THE HEART IN THE PNEUMOCONIOSIS OF COALMINERS

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THE HEART IN THE PNEUMOCONIOSIS OF COALMINERS
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THE HEART IN THE PNEUMOCONIOSIS OF COALMINERS
BY
ARTHUR J. THOMAS
From Llandough Hospital, Cardiff
Received September 6, 1948
The pneumoconiosis of coalminers is a primary described by several writers, some of whom have
disorder of the lungs that can cause pulmonary indicated the difficulties in assessing the 'degree of
heart disease, a condition also called cor pulmonale. involvement of the right heart (Coggins et al., 1938;
The occurrence of right heart changes in pneumo- Giering and Charr, 1939; and Ketterer, 1941).
coniosis was noted by Pancoast and Pendergrass
McMichael and Sharpey Schafer (1944) have
(1931). Dyson (1933 and 1934) described the radio- drawn attention to the fact that cases of cor pullogical recognition of heart disease in pneumo- monale may have a high cardiac output. They have
coniosis, and in a review of 127 cases found 18 with found this in patients with emphysema, gross venous
evidence of pulmonary heart disease. Discussing congestion, and a low arterial oxygen saturation.
the pathology of pneumoconiosis, Jaffe (1934) con- In the terminal stages the left heart may fail and pulcluded that the replacement of large parts of the monary oedema occur.
lungs by poorly vascularized scar tissue, and the
The pneumoconiosis of coalminers has been preoccurrence of obliterative changes in the branches of sented in detail by Fletcher (1948).
the pulmonary artery, interfered greatly with the
pulmonary circulation. Right ventricular hyperSELECTION OF CASES
trophy followed and failure of the right heart was a
The
subjects
this investigation have been incommon cause of death in advanced pneumo- patients under of
the care of the Pneumoconiosis
coniosis.
Unit (M.R.C.) at Llandough Hospital. A
Coggins et al. (1938) found that hypertrophy of Researchmeasure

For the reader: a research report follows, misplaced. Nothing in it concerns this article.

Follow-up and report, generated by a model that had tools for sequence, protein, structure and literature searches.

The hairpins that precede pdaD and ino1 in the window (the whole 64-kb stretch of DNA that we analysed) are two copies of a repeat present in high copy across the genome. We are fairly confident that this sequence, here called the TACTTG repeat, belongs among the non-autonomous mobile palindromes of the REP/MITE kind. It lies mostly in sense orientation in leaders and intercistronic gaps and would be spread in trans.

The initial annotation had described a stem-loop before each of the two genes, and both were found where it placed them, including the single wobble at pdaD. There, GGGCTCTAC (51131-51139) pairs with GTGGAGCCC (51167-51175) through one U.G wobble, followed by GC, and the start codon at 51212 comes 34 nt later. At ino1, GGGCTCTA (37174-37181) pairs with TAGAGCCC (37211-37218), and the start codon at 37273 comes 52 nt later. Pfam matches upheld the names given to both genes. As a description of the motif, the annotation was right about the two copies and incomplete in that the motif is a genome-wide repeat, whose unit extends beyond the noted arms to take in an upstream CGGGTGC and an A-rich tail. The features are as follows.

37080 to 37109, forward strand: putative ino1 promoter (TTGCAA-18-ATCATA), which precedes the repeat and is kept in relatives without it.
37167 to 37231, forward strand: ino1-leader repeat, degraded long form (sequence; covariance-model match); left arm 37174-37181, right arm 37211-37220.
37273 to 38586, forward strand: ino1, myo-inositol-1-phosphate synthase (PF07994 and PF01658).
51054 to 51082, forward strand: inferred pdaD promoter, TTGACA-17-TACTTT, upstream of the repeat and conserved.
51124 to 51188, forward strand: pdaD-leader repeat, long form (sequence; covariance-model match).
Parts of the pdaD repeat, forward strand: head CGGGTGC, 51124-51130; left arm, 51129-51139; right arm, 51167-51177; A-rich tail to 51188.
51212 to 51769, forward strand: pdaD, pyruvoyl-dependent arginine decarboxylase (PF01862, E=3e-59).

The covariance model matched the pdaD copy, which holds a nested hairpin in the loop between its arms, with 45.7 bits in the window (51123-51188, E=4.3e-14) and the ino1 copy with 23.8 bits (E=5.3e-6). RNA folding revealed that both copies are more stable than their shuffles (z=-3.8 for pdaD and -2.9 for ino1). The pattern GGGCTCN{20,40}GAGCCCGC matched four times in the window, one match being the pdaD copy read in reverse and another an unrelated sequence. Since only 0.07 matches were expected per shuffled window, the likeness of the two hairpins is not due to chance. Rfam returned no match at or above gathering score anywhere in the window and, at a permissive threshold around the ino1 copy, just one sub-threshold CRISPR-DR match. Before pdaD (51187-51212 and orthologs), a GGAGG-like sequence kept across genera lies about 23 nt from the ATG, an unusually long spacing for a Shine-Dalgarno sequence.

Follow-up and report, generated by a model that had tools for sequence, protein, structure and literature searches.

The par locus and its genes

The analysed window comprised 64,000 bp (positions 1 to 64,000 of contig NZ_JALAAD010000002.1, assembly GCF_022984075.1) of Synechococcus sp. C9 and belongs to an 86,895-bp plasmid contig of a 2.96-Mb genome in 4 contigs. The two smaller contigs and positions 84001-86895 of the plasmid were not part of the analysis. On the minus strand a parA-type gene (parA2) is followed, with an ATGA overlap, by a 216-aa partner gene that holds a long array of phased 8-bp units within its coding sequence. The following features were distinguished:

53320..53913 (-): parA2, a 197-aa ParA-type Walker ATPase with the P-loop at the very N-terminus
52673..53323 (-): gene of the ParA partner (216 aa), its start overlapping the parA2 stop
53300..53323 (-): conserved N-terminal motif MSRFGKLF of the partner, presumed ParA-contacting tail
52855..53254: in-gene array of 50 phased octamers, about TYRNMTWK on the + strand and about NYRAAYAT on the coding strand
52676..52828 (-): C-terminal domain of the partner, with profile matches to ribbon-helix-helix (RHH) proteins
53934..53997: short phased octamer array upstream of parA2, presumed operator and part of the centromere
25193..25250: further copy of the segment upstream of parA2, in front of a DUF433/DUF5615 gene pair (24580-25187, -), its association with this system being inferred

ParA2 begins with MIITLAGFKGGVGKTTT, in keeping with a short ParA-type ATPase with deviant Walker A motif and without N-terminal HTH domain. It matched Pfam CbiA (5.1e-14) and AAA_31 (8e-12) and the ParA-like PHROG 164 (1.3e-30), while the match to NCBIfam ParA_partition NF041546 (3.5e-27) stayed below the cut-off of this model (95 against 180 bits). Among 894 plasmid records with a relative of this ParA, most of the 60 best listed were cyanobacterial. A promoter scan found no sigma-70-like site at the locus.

of selection has been exercised in
the right ventricle was a common finding in the certain
this
series
because
of the exclusion of patients with
autopsy records of 102 proven cases of pneumo- any signs of cardiovascular
other than that
coniosis. Other studies of the pathology of pul- resulting from the pulmonarydisease
disorder.
There are
monary heart disease record right ventricular 96 cases of coalminers' pneumoconiosis ranging
hypertrophy with anthraco-silicosis (Scott and Gar- the earliest detectable stage to the final stagefrom
of
vin, 1941; Spain and Handler, 1946). In the South advanced disease and right heart failure. Their ages
Wales anthracite coalfield, Gooding (1946) has re- vary from 28 to 65 years, but the severity of the
viewed a series of 227 post-mortem examinations disease is not proportional to the age. For ease of
on miners certified as having pneumoconiosis; 37 description a clinical grading has been
per cent are described as having died from cardiac based on the history, the degree of dyspncea,adopted,
and the
failure, usually right-sided.
for
capability
exertion.
Emphysema is a common cause of pulmonary
heart failure. Gough (1940, 1946, 1947) has deTHE CLINICAL EXAMINATION
scribed the occurrence of emphysema in coalminers'
The symptoms of the pulmonary phase were
pneumoconiosis and has differentiated the focal emphysema from the bullous emphysema that occurs dyspncea, fatigue, cough, and intermittent attacks of
in later stages of the disease. Geever (1947) has pain in the chest. The dyspncea was exertional and
confirmed the occurrence of pulmonary vascular slight at first, but usually increasing in severity.
Paroxysmal dyspncea was not uncommon and was
changes.
The clinical course of a pulmonary disease may be not cardiac in origin. A complaint of being easily
divided into two phases, the pulmonary phase and fatigued was often an early symptom. Cough was
the cardiac phase (Brill, 1939). The clinical features present at some stage, sometimes productive in type.
of the cardiac phase in pneumoconiosis have been The pain in the chest was the result of the pulmonary
282
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THE HEART IN PNEUMOCONIOSIS
283
TABLE I
CLASSIFICATION
OF
CASES
No. of
cases
Grade I
Grade II
Grade III
Grade IV
Those not definitely disabled
Those with slight disability
Those with moderate disability
Those with serious or complete disability
disease although sometimes simulating pain of cardiac origin. The site of the pain in the chest varied
from time to time, and its onset was not always
related to exertion. The physical signs of the pulmonary phase were similar to those of emphysema
and chronic bronchitis without heart disease.
The symptoms of the cardiac phase were severe
dyspncea, gross disability, oedema of the feet and
ankles, and upper abdominal discomfort. The
patients would often complain only of marked
exacerbation of their previous condition.
The physical signs of the cardiac phase were
orthopnca, cyanosis, engorgement of the neck veins,
warm hands, cedema of the ankles, tenderness of the
palpable liver, a full peripheral pulse of regular
rhythm, and triple heart rhythm.
Orthopnoea might be the earliest sign of imminent
heart failure and might be related to the history of
an exacerbation of the pulmonary phase. Cyanosis
was occasionally present with the advanced pulmonary phase but was often a sign of right heart
failure. Engorgement of the neck veins was present
only when the heart failed; it has not been seen in